The first time I had succotash, it was made with freshly shelled, barely cooked fava beans, bright heirloom tomatoes, corn from the garden and a lot of cracked black pepper. It was a hot night, and paired with a big tumbler of rosé, it was all I needed for dinner. I loved the way the flavors stood on their own and harmonized together, and I loved the name itself. I woke the next morning with the taste and the word, too, stuck in my head — suck-a-tash, suck-a-tash — like the song of the summer on repeat.
To me, succotash is the ultimate expression of a summer salad. Succotash, from the Algonquin language of the Narragansett Native Americans of Rhode Island, means "boiled corn kernels," but the dish has morphed over the generations to be anything from a corn and bean salad to a pot-pie-like concoction with a mixture of vegetables cooked in a casserole with a pie-crust on top.
I spoke to Virginia Willis, author most recently of Basic to Brilliant, Y'all: 150 Refined Southern Recipes and Ways to Dress Them Up for Company and the woman with my favorite southern accent on the planet. "I , too, like Succotash served warm, room temp, or even like a veg salad. It reminds me somewhat of a Southern or American version of the classic French salad macedoine. It's the perfect dish for summer bounty — corn, beans, tomatoes, even okra. So, maybe it's actually a Southern Stir Fry, but slower, of course."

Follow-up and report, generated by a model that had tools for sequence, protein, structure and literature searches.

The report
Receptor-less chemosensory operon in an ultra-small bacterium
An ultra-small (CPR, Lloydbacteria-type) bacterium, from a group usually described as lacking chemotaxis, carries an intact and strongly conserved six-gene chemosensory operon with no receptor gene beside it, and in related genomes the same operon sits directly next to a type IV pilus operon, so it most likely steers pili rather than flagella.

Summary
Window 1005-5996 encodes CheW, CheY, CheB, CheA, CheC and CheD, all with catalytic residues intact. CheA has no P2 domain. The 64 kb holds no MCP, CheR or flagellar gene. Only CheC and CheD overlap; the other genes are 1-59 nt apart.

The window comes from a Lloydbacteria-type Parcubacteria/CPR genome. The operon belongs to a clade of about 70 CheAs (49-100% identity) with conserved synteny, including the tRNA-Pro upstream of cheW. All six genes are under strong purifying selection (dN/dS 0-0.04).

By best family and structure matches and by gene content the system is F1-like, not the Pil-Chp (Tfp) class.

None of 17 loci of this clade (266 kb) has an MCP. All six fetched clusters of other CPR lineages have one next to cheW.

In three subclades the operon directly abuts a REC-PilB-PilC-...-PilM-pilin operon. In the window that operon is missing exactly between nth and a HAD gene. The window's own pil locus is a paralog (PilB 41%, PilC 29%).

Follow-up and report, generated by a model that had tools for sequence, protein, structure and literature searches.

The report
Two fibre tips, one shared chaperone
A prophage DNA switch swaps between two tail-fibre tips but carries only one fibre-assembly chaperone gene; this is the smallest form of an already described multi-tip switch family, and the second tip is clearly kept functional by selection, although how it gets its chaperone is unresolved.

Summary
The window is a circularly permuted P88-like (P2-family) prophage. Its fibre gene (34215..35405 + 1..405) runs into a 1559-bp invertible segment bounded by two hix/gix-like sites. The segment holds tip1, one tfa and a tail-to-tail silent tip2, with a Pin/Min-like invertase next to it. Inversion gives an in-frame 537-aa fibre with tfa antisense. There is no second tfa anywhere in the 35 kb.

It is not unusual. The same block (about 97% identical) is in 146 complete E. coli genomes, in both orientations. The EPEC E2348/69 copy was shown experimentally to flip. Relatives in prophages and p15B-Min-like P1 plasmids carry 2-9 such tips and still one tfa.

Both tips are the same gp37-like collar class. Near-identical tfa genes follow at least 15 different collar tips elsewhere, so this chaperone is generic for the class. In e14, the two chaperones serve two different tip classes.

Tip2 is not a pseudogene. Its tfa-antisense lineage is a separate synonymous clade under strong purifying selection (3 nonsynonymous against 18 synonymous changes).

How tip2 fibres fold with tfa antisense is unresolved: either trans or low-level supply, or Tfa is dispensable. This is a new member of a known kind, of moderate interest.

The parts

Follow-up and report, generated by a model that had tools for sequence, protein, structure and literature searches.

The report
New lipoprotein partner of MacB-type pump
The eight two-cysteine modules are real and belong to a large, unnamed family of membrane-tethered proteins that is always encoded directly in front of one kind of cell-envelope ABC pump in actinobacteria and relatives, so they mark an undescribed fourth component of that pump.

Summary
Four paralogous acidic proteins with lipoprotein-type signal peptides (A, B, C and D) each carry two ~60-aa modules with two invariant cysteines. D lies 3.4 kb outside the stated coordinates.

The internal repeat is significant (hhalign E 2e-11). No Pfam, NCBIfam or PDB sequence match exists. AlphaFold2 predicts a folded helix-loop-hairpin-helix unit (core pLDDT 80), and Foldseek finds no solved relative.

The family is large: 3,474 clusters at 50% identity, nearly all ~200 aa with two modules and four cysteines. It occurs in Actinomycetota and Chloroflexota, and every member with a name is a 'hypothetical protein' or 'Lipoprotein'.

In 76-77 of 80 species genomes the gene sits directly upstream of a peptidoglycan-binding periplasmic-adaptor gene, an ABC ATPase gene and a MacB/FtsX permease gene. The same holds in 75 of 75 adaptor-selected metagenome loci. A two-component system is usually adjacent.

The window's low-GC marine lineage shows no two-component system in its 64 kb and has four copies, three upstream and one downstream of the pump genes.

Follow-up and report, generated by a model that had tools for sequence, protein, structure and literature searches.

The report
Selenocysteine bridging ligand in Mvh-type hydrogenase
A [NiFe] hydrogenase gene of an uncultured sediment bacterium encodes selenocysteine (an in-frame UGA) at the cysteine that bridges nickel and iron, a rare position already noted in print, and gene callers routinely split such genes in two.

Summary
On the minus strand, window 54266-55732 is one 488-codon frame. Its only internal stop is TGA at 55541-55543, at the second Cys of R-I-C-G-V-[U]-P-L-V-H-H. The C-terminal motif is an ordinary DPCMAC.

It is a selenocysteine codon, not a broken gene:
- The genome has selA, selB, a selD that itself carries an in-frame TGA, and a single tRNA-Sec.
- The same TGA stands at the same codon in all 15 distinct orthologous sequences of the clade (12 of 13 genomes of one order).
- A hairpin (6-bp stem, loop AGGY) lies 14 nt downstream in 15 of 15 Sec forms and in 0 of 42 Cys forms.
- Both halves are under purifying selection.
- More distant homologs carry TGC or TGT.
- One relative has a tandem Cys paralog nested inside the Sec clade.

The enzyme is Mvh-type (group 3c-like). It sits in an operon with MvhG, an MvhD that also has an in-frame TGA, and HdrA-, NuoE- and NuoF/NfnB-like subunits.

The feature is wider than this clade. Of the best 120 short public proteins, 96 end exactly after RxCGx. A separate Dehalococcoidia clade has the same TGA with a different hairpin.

Succotash has many versions, but almost all contain corn and beans. Beans range from butter beans, fava beans, and lima beans to shelled edamame or black-eyed peas. This week I was cleaning out my freezer and found two bags of opened edamame.
Some succotash calls for heavy cream, but instead, I kept it light—more salad-like—tossing the mixture with a few squirts of lemon juice as a stand-in dressing. For corn, I went for the fresh Jersey stuff that's just shown up at the farmers' market, and the basil came from my fire escape.
Summer eating! Seize it! We're lucky!
large sweet onion, chopped (about 1 cup)
1 1/2 cups
fresh or frozen beans (lima, edamame, fava, etc), cooked al dente
Kernels from 6 ears of corn (about 5 cups)
cherry or grape tomatoes, halved
freshly squeezed lemon juice
feta cheese, crumbled
basil, sliced in chiffonade
Flaky sea salt and freshly ground black pepper, to taste
In a medium saucepan, melt the butter. Add the chopped onion and a small pinch of salt and cook, stirring, over medium heat until translucent and tender, about 5 minutes. Lower the heat, add the beans and corn and stir over medium-low heat for about 1 minute, until tender but still crisp.
Transfer cooked ingredients to a large bowl and toss with the tomatoes and lemon juice. Serve immediately with the feta, basil and black pepper sprinkled on top, or let the mixture cool, then top with the feta, basil and black pepper.
(Images: Sara Kate Gillingham-Ryan)